Rennie Gibbs, a teenager in Mississippi, was charged with murder seven years ago after prosecutors determined the baby that she was carrying died as the result of her cocaine use.
Slate reports that Gibbs gave birth to a daughter, Sumiya, in 2006. Tragically, the baby girl was stillborn, the umbilical cord wrapped around her neck. Steven Hayne, the medical examiner in the case, found trace amounts of benzoylecgonine, which is a cocaine byproduct, in Sumiya’s bloodstream, although no cocaine was found in her body. Rennie, who had admitted to cocaine use, was charged with “"unlawfully, willfully, and feloniously” killing her own child.
Although the defense has made several attempts to get the case thrown out, calling several expert medical witnesses who have stated that evidence linking cocaine use during pregnancy with "serious fetal harms, birth defects, or serious long-term physical or developmental impairments," is inconclusive, prosecutors have made a compelling case.
Medical examiner Hayne is also a controversial figure. Mississippi and other states have called him in to do several autopsies, despite the fact that he never completed his certification test for the American Board of Pathology. There have been rumors that Haynes’ work is sloppy and that the medical conclusions he has drawn are more political than motivated by science. Haynes was involved in at least four other murder convictions that have since been overturned, including one involving an innocent man accused of killing a 3-year-old girl.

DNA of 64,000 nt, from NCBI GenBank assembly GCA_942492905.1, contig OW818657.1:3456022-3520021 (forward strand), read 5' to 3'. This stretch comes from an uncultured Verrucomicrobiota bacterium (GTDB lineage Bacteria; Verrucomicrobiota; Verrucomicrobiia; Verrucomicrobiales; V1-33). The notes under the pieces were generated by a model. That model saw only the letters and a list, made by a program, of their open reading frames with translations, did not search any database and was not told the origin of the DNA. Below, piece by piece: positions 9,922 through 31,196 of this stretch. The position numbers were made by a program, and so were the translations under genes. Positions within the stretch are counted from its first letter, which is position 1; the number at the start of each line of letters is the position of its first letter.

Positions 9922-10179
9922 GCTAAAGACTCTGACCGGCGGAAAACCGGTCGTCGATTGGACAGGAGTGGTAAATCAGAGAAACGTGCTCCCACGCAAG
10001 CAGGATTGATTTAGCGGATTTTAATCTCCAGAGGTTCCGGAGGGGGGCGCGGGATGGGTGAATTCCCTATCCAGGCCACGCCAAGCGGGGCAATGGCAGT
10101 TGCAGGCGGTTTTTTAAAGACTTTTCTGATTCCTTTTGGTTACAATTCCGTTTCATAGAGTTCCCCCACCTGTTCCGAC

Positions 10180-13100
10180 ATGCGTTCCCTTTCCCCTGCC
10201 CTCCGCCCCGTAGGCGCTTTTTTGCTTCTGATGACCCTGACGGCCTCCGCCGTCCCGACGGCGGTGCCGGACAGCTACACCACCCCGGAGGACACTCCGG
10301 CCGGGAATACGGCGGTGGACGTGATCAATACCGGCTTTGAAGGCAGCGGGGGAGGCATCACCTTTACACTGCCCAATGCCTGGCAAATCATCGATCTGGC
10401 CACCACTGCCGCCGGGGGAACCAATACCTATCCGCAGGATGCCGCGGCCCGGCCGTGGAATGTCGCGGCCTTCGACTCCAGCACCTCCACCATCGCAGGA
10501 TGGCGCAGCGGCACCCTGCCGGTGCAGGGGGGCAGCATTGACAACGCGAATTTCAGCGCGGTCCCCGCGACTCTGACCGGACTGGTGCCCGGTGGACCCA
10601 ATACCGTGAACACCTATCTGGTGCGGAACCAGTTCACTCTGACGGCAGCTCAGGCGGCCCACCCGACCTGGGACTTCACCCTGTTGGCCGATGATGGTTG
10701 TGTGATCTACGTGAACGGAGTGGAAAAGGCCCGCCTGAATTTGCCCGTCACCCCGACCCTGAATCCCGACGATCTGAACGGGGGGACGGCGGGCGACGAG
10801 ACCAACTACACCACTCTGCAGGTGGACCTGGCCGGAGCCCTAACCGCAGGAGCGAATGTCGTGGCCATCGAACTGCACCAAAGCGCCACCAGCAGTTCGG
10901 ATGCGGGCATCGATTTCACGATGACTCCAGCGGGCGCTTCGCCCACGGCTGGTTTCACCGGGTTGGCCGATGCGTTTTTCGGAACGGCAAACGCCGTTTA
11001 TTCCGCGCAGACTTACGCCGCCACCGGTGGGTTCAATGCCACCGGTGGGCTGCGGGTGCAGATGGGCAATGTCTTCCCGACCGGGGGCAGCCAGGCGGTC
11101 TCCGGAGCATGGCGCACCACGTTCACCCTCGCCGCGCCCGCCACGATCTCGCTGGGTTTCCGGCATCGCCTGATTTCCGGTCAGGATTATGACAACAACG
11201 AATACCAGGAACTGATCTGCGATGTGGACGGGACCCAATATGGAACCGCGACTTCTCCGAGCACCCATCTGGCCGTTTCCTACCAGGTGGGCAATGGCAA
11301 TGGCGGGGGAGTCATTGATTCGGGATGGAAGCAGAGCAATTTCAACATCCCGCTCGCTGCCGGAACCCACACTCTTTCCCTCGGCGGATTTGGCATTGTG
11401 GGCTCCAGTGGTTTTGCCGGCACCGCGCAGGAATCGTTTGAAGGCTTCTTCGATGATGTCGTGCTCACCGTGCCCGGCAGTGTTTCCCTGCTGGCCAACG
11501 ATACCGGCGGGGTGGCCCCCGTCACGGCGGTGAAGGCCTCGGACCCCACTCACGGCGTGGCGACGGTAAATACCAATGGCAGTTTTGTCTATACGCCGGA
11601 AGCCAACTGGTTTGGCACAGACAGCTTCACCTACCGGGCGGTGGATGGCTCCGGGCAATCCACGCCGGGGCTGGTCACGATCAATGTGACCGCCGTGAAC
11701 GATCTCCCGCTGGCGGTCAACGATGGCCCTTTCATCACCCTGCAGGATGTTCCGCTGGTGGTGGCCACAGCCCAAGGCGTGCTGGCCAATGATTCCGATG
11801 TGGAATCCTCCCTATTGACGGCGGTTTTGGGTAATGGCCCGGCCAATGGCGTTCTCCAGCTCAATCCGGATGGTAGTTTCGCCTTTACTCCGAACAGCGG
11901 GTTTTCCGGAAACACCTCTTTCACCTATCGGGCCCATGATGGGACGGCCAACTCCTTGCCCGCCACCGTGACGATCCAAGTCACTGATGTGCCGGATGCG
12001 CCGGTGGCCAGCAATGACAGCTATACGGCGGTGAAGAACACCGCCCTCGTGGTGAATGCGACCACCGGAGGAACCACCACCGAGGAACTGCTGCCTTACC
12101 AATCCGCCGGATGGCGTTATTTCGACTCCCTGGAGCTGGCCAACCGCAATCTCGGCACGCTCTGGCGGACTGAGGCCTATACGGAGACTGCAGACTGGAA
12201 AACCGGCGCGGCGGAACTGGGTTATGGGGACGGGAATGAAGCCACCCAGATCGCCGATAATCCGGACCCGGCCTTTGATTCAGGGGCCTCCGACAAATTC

Mississippi has the highest infant mortality rate in the country. According to CNN, poverty, poor nutrition, and lack of education are all contributing factors. Despite this, sex education is not taught in the state, and conservative Republican leadership voted to not expand healthcare coverage to at-risk mothers and children.
If found guilty, Rennie Gibbs could face life in prison.